In the second year, the Fellow will organize and present a national spring symposium related to his or her fields of interest. This event will be supported financially and logistically by the HCAH. During each of the four semesters at Haverford College, the Fellow will teach one course, each of which will be either at the introductory/intermediate or the advanced level. Applicants should submit two brief course proposals related to their area of interest, one for a broad-based introductory course, the other for a more specialized or advanced course. The successful candidate will demonstrate readiness to teach a diverse student body.
Porphyra, International journal for Byzantine Studies, launches a CFP for the next issue: all contributions dealing with any subject related to Byzantium are welcome. History, religion, literature, anthropolgy, culture, history of art are just some of the suggested themes. Whoever is interested in sending us a contibution is kindly requested to submit it no later than 15th November 2014.
Please note that Porphyra is a peer‐review journal. A proposal is no longer enough for a contribution: the whole article must be sent and approved by our staff. Submissions must follow the journal’s Editorial style guide. As in the previous issues, it is also possible to send us reviews which will be published in the appropriate section once approved by our staff.
Junior Research Fellowships (JRFs) are one of the central elements of humanities research in the collegiate university of Oxford, and have long provided invaluable opportunities for early career academics to undertake a post-doctoral research project. Below is a list of the Colleges offering Fellowships and links to the details and application procedures for each post.
These posts are primarily research posts. Some carry limited teaching duties, but they provide an exciting opportunity to concentrate on your research while developing your scholarly career beyond your doctoral study. JRFs are prestigious posts, and many holders of such Fellowships have gone on to successful careers at top universities.
You must be at an early stage of your academic career, and be ready to embark on an independent research project. A competitive renumeration package and associated benefits are available for each Fellowship. Candidates are normally expected to have submitted their doctoral thesis before taking up the post, but at the moment of application can be doctoral students.
The Warburg Institute is dedicated to the interdisciplinary study of the classical tradition - in the sense of those elements in European thought, art and institutions that have evolved out of the cultures of the ancient world. Its Library and Photographic Collection are designed and arranged to encourage research into the processes by which one culture learns from another and by which different fields of thought and art act on each other. They are particularly concerned with continuities between the ancient Mediterranean civilizations and the cultural and intellectual history of post-classical Europe, especially in the period to c. 1800.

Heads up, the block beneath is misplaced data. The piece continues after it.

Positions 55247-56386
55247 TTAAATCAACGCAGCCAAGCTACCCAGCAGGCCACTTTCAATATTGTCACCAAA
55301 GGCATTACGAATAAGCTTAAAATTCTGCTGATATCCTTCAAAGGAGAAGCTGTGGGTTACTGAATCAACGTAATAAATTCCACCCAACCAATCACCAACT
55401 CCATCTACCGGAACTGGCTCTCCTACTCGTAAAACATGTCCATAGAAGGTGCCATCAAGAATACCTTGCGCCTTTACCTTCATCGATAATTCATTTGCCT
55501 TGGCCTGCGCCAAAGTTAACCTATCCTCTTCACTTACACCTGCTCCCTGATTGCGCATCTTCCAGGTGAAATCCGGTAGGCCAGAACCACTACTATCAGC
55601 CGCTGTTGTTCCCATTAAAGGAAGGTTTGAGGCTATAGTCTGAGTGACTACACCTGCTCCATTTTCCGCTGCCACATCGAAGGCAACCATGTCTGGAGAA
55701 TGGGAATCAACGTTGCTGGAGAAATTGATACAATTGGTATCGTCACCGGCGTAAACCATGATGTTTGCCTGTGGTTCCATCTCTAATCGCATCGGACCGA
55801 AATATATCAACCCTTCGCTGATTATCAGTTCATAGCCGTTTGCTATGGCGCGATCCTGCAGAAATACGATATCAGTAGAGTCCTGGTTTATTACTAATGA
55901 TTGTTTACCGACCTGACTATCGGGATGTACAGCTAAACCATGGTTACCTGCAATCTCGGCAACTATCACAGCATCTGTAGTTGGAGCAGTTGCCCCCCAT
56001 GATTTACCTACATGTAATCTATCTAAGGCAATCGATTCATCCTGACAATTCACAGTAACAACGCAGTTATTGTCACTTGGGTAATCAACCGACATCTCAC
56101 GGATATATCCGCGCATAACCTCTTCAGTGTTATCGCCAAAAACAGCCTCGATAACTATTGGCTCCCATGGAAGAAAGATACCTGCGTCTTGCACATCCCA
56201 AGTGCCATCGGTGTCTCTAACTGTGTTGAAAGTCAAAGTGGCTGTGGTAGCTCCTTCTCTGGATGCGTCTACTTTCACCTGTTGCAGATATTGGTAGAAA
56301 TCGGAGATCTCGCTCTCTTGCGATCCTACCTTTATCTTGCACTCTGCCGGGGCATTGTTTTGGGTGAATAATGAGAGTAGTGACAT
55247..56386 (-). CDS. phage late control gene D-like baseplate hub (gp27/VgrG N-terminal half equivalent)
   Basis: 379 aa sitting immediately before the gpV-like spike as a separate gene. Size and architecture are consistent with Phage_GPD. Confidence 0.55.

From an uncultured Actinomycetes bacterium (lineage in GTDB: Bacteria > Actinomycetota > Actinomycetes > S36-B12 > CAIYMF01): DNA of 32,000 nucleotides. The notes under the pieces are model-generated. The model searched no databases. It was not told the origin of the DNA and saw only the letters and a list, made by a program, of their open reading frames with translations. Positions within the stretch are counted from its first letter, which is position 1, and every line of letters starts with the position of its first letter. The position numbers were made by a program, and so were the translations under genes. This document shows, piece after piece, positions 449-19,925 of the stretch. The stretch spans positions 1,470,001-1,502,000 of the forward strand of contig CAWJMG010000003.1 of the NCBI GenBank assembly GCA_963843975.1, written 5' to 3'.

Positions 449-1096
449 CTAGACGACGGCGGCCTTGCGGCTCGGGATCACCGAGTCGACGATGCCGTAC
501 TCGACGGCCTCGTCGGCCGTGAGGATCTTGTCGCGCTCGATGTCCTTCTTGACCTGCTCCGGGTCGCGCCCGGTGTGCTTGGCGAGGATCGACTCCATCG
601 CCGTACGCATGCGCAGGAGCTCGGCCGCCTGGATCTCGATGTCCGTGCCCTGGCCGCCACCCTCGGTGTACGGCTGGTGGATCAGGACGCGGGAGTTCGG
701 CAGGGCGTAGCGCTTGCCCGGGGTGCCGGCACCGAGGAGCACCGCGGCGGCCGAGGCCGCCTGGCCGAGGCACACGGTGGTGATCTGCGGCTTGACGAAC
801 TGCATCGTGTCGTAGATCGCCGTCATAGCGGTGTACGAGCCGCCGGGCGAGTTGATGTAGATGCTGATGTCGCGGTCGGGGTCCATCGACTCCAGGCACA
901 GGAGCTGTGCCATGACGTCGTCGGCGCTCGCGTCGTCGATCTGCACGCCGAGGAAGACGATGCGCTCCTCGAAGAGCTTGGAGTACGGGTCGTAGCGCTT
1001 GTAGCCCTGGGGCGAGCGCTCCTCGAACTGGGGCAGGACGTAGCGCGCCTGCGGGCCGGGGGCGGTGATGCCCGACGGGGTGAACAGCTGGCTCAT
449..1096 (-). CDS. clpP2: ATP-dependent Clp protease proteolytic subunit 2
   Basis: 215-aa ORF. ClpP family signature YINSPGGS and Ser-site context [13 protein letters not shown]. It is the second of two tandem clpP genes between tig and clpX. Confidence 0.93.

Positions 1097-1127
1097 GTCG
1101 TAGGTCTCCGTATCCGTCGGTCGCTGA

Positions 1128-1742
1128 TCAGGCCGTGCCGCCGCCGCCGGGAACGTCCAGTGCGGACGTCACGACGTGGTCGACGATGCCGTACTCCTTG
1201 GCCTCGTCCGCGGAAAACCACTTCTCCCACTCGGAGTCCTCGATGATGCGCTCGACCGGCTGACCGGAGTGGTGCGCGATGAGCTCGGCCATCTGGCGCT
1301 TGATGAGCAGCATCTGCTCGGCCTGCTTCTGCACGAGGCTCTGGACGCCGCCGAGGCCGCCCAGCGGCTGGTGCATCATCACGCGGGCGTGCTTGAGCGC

The Institute is offering one long-term Frances A. Yates Fellowship of two or three years tenable from October 2015. Fellows’ interests may lie in any aspect of cultural and intellectual history but, other things being equal, preference will be given to those whose work is concerned with those areas of the medieval and Renaissance encyclopaedia of knowledge to which Dame Frances herself made distinguished contributions.
A workshop was held in February 2012 in Madrid to stimulate a debate on textual criticism centred on the analysis of Byzantine texts and their modes of publication, rewriting and diffusion. The main aim was to provide future editors or scholars of the history of texts with a rich typology of concepts to guide their task, such as interpolation, paraphrasis, metaphrasis, quotation, collection, amplification or falsification, among others, but always taking into account that the principles upon which the discipline of textual criticism was founded needed to be reconsidered when dealing with the transmission of Byzantine texts. The present book brings together the different case studies produced by the participants of the workshop into a coherent whole and distributes them into five different sections according to their methodological approaches: 1. Language and style; 2. Virtual libraries and crossed readings; 3. Philosophical treatises and collections; 3.The sources of history; 5. Law texts and their reception. The results of the different approaches put forward by the contributors offer a broad palette of methodological strategies that are, to a great extent, complementary, and will, so we hope, illuminate the task of the future editors with new reflections.
The new critical edition of Michael Psellos’ Chronographia takes into account the entire scholarly work on this text since 1874 in a critical apparatus and a separate text-critical commentary. Compared to previous editions, it provides an improved text, suggesting many new readings. Comprehensive indices facilitate the search within the Greek text. The German translation appears in the Sammlung Tusculum.
Whose Mediterranean is it anyway? Cross-cultural interaction between Byzantium and the West 1204–1669, 48th Spring Byzantine Symposium, The Open University, March 28–30, 2015
The Early Modern Mediterranean basin was an area where many different rich cultural traditions came in contact with each other, were often forced to co-exist, and frequently learned to reap the benefits of co-operation. Orthodox, Roman Catholic, Muslims, Jews, and their interactions all contributed significantly to the cultural development of modern Europe.